The ongoing situation in Zimbabwe seems to have taken a turn for the worse in more ways than one.
While reports of the military carrying out extra-judicial beating and even killings continue to grow, the ongoing internet shutdown is still hampering the flow of news and information in and out of the country.
As a result, many Zimbabweans are now turning to VPNs to get around government censorship and surveillance and access the internet without interference.
As we predicted late last week, VPN searches in Zimbabwe have gone through the roof with one news site, Bulawayo News 24, estimating an increase of a massive 1,560%.
The local tech website TechZim is now reporting that some VPN users are also having problems accessing social media sites. They suggest that this could be because the Zimbabwean government has instructed ISPs to try and block VPNs too.
“They are unlikely to achieve much success on that front given how VPNs work but they will no doubt score some kills,” the site concludes.
Most of the major VPN providers, such as ExpressVPN, IPVanish, and NordVPN, are still working in Zimbabwe and offer an easy way to get around government censorship. You will, of course, need some sort of internet connection in order to use them though.
TechZim a simple guide on how to get around a possible VPN block. They note that most VPN traffic is sent through certain ports which ISPs can try to block. But, as they rightly say, if you use the OpenVPN protocol, it is possible to change the default port and so keep your VPN working.
Their guide also touches on the possibility of Deep Packet Inspection (DPI) being used to block VPN traffic. This is possible but is not cheap and given the parlous state of Zimbabwe’s economy at the moment, it seems highly unlikely DPI is being used there.
Court appeal against internet censorship
While many Zimbabweans are battling to keep themselves online, one group of human rights lawyers is doing its best to get the whole country reconnected.
The Zimbabwe Lawyers for Human Rights (ZLHR), together with the local branch of the Media Institute of Southern Africa (MISA) has made a High Court Application on the legality of the Government directive which first shut down internet access to much of the country.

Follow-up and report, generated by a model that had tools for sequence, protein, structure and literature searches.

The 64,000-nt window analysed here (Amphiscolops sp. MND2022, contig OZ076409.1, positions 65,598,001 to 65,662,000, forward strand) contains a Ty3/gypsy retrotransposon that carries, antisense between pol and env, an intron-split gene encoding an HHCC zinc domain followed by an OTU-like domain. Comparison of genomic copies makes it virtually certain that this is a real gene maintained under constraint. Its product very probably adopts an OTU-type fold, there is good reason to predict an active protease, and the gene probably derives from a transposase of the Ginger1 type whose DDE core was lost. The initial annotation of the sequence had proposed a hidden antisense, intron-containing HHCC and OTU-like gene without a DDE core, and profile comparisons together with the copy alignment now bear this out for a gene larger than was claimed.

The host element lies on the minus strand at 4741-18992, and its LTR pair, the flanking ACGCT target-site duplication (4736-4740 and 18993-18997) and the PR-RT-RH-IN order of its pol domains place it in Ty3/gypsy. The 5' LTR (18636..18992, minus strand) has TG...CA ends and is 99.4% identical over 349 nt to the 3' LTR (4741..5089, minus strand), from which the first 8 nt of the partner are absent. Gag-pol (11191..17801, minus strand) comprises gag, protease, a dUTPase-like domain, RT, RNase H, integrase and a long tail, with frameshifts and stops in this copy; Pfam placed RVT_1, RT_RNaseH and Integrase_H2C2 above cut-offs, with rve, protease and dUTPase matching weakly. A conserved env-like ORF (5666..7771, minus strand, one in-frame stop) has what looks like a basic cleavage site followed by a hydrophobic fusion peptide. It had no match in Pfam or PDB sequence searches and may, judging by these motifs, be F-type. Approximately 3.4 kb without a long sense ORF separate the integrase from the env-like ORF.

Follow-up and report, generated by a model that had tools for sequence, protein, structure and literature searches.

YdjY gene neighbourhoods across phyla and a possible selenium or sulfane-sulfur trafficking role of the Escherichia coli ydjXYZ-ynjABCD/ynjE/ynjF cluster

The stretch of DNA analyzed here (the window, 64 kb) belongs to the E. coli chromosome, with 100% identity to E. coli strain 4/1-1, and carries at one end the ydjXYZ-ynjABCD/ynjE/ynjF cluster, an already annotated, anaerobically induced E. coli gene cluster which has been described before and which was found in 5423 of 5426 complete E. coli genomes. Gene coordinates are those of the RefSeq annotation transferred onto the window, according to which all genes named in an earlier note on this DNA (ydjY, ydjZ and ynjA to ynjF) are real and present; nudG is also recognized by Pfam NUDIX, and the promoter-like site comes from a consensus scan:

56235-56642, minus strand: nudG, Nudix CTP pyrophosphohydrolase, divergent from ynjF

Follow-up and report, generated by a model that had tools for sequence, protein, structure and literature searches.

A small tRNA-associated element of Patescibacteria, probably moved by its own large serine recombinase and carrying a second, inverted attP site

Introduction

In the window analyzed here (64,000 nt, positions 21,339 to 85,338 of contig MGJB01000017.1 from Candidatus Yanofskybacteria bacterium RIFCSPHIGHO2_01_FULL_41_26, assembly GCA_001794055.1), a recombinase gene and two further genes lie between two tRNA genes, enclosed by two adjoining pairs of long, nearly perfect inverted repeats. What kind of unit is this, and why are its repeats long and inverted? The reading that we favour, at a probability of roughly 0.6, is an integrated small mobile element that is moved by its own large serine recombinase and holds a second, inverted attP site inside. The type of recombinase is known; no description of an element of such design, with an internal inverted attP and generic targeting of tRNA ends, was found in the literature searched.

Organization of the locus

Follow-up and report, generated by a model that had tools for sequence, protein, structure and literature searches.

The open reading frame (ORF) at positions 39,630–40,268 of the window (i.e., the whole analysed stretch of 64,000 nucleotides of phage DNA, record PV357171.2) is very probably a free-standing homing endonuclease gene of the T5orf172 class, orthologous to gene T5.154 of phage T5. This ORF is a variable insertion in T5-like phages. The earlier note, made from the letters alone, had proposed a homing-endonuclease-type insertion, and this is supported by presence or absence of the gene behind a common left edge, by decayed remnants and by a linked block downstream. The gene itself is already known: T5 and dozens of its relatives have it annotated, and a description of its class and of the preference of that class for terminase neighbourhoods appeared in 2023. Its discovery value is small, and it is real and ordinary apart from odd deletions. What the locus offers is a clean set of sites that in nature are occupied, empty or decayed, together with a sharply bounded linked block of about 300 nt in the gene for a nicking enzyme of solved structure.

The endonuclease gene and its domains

Zimbabwe’s biggest ISP, Econet has confirmed that it had blocked internet access as a result of a Government order. The said in a statement that the legal advice they had received was to comply with that order pending the High Court’s decision.
There is, so far, no indication of when the High Court is expected to hand down its decision. Econet also confirmed that, after temporarily lifting the internet block, they had now reinstated it following a fresh demand from the Government.
Without a hint of irony, the Zimbabwean Ministry of Information, Publicity, and Broadcasting took to Twitter to confirm the shutdown and attempt to justify it from a legal standpoint.
Anonymous strikes in Zimbabwe
In response to the internet shutdown, online activist group Anonymous has taken action and attacked several Zimbabwe government websites.
Sites including the Zimbabwean Ministry of Defence, the Reserve Bank of Zimbabwe (ZBZ), and the Zimbabwe Republic Police were all offline at the time of writing. According to Anonymous, they are three of more than 72 websites they have compromised.
These websites had been replaced with a statement from Anonymous which read, “We have previously seen innocent people being killed in Zimbabwe. We have seen oppression and tyranny. We have seen people being oppressed for fighting for freedom. We cannot tolerate that.
“We have successfully taken down 72+ Zimbabwe government websites. This is only a start. Your banking system will also fall soon. Zimbabwe government, you have become an enemy of Anonymous! Your systems are in danger! In the face of oppression, rebellion becomes our duty.”
Africa’s shutdown trend
Meanwhile, CNN has highlighted how the shutdown in Zimbabwe is just the latest in a series of internet blackouts across Africa.
The highlight the recent shutdown in the Democratic Republic of Congo which coincided with their recent elections as well as recent ones in Sudan and Gabon. At the current rate, 2019 looks likely to easily eclipse 2018 for internet shutdowns, with a total of 185 being reported over the previous twelve months.
As CNN rightly say, the best tool to get around shutdowns and internet censorship is a VPN and as we have seen, it is a message that seems to be getting through to the people of Zimbabwe.